Reduced cardiac index reserve and hypovolemia in severe falciparum malaria.
Kingston HWF., Ghose A., Rungpradubvong V., Satitthummanid S., Herdman MT., Plewes K., Leopold SJ., Ishioka H., Mohanty S., Maude RJ., Schultz MJ., Lagrand WK., Hossain MA., Day NPJ., White NJ., Anstey NM., Dondorp AM.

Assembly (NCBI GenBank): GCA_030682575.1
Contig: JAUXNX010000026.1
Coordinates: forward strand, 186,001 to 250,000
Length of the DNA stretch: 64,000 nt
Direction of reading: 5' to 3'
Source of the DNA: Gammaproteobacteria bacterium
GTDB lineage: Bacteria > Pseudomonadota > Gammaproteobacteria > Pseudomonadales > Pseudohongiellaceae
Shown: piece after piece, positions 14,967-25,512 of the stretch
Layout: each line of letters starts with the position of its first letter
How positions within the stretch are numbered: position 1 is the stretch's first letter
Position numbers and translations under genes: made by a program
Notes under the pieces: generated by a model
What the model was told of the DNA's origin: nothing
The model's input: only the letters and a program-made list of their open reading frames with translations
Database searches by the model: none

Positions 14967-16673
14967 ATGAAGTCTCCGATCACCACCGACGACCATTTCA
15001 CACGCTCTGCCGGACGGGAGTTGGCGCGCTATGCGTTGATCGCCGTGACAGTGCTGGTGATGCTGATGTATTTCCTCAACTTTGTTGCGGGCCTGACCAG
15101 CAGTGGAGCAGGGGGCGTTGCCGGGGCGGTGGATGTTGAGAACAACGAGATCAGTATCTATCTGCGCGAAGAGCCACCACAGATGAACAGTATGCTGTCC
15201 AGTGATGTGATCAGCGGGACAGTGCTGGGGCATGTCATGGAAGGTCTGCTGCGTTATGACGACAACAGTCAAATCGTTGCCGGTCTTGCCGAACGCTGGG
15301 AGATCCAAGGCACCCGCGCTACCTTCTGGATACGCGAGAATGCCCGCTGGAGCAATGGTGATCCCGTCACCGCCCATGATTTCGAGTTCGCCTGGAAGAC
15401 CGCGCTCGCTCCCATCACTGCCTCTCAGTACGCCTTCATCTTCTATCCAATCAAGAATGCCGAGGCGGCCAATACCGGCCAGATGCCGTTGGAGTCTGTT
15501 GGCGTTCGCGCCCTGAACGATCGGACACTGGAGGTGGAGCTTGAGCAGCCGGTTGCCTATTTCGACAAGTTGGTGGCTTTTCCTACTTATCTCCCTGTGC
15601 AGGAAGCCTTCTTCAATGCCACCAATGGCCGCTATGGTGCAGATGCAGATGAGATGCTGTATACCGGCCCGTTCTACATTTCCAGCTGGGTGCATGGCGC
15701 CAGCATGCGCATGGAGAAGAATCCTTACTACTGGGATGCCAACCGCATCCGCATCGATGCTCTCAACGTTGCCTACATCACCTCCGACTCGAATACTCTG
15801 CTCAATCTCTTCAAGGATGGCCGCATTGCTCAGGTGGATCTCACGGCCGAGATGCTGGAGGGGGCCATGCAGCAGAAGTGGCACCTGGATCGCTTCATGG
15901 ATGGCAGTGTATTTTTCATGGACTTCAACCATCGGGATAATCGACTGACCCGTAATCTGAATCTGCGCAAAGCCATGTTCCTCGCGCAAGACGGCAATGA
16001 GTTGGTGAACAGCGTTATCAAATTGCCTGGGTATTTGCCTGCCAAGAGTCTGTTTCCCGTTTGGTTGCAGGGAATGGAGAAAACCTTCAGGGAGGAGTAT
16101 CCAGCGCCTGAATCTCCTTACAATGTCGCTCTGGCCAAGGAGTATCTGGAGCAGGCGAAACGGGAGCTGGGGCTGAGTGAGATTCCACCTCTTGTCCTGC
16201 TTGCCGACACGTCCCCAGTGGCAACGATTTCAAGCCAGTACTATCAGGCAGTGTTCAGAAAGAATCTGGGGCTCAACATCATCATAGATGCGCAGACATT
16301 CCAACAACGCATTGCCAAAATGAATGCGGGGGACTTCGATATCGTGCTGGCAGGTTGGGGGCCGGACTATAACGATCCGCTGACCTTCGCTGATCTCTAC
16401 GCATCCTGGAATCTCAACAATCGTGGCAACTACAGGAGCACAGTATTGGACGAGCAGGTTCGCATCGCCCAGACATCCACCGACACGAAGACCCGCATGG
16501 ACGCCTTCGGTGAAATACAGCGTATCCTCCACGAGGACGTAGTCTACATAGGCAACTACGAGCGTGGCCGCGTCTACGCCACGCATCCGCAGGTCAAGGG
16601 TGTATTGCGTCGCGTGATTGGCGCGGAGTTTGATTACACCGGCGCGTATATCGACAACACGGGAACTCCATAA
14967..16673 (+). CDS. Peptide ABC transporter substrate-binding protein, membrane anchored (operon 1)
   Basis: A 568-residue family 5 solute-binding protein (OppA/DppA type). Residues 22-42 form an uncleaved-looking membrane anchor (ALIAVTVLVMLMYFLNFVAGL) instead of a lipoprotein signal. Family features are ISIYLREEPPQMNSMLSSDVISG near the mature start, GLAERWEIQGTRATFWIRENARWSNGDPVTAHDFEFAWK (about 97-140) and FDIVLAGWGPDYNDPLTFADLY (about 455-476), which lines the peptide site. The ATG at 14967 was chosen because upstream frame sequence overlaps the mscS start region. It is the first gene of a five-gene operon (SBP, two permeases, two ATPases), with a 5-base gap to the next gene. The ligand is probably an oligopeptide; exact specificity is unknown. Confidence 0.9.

BACKGROUND:Impaired microvascular perfusion is central to the development of coma and lactic acidosis in severe falciparum malaria. Refractory hypotension is rare on admission but develops frequently in fatal cases. We assessed cardiac function and volume status in severe falciparum malaria and its prognostic significance. METHODS:Patients with severe (N=101) or acute uncomplicated falciparum malaria (N=83) recruited two hospitals in India and Bangladesh and healthy participants (N=44) underwent echocardiography. RESULTS:Patients with severe malaria had 38% shorter left ventricular (LV) filling times and 25% shorter LV ejection times than healthy participants because of tachycardia, yet stroke volume, LV internal diameter in diastole (LVIDd) and systole (LVIDs) indices were similar. A low endocardial fraction shortening (eFS) was present in 17% (9/52) of severe malaria patients. Adjusting for preload and afterload, eFS was similar in health and severe malaria. Fatal cases had smaller baseline LVIDd and LVIDs indices, more collapsible inferior vena cavae (IVC) and higher heart rates than survivors. LVIDs and IVC collapsibility were independent predictors for mortality, together with base excess and Glasgow Coma Scale. CONCLUSIONS:Patients with severe malaria have rapid ejection of a normal stroke volume. Fatal cases had features of relative hypovolemia and reduced cardiac index reserve.